As of midday May 19, the Greenville Police Department has provided The Greenville News only two pages of a report from the cyclist's shooting. The first page has just one line of text from the reporting officer: "I arrived at the location in response to a disturbance call." The second, supplemental page includes just a two-sentence narrative: "At 5/09/21 at or around 1050 I responded to Rocky Slope Road for the report of a disturbance. My BWC (body-worn camera) was activated."
The city is violating state FOIA law by withholding additional reports associated with the case.
"SC FOIA is clear that reports which disclose the nature, substance, and location of an alleged crime must be provided upon verbal request within 14 days of the crime being reported," Taylor Smith, an attorney based in Columbia who represents the South Carolina Press Association, said in an email. "It is typical for law enforcement to create a report when an officer or deputy is dispatched in these instances, but it is also unfortunately common for law enforcement to then say that they don’t have to give all these reports over to an interested party. These actions not only further imperil public confidence in law enforcement during these uncertain times but they also violate state law."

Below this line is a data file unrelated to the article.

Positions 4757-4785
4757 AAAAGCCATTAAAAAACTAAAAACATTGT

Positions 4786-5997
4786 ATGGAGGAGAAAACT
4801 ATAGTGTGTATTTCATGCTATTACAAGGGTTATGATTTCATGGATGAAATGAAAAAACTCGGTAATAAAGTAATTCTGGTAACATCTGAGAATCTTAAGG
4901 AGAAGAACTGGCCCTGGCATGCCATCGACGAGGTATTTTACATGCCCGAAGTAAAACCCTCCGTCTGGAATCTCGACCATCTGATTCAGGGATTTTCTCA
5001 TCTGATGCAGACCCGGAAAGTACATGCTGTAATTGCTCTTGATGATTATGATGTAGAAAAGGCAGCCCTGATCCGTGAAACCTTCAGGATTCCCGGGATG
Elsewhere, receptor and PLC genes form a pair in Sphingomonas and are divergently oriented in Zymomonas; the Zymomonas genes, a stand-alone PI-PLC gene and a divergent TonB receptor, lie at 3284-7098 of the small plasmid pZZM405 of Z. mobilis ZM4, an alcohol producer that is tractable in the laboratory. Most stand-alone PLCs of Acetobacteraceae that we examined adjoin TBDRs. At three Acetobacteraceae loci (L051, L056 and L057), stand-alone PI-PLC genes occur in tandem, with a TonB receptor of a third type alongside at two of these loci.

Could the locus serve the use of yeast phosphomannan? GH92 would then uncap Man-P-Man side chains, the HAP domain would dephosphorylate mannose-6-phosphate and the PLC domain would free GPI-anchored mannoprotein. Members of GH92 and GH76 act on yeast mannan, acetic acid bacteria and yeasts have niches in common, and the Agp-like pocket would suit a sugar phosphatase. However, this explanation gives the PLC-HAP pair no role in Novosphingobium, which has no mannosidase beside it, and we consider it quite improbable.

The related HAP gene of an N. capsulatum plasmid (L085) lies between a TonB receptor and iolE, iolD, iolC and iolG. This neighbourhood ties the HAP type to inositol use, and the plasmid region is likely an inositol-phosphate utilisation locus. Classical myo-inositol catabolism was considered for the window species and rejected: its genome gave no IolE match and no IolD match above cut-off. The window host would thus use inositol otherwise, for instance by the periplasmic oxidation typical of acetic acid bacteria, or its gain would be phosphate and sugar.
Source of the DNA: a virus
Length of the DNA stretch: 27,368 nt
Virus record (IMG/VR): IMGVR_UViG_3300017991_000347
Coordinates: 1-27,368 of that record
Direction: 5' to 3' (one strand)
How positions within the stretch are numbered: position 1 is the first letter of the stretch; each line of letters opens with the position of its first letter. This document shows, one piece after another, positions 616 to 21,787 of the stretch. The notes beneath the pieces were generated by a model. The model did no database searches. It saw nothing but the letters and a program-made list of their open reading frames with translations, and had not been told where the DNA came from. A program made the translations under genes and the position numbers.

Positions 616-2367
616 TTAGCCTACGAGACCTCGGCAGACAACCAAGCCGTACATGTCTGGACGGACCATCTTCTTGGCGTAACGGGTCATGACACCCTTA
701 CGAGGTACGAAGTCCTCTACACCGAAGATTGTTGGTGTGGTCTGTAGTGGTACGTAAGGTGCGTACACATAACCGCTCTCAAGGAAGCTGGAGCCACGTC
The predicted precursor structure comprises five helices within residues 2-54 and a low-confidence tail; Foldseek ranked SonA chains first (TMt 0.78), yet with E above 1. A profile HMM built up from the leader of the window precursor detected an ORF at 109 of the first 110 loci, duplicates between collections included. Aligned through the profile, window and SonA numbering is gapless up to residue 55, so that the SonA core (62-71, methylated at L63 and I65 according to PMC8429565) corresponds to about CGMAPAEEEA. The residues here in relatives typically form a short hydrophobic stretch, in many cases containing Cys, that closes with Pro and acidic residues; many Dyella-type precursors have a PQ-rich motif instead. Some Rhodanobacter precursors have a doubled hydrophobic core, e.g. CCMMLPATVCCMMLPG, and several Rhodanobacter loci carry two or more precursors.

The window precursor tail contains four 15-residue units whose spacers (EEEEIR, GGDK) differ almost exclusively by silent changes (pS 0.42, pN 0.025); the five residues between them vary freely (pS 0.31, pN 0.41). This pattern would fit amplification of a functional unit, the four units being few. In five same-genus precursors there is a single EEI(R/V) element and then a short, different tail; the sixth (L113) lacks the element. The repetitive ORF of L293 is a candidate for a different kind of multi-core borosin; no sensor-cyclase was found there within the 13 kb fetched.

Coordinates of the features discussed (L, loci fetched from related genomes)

SCPA Executive Director Bill Rogers said the state's FOIA law allows for various exemptions, such as in cases when releasing certain information would interfere with a law-enforcement proceeding or endanger an individual, but he said those exemptions would be cause for specific redactions, not completely withholding entire reports.
"A Iot of it may be complicated, but the law is simple — they have to release it," Rogers said.
Rogers said the actions of Greenville officials obstruct transparency and reflect disregard for compliance with state law over matters of public safety.
"It certainly doesn't build trust," Rogers said. 
By Daniel J. Gross, Greenville News | Read more

Editorial: SC prison opinion reminds all public officials that sunlight isn’t optional

An attorney general’s opinion released late last week has ended a bizarre episode in which the S.C. Department of Corrections refused to release the names of inmates who died in custody.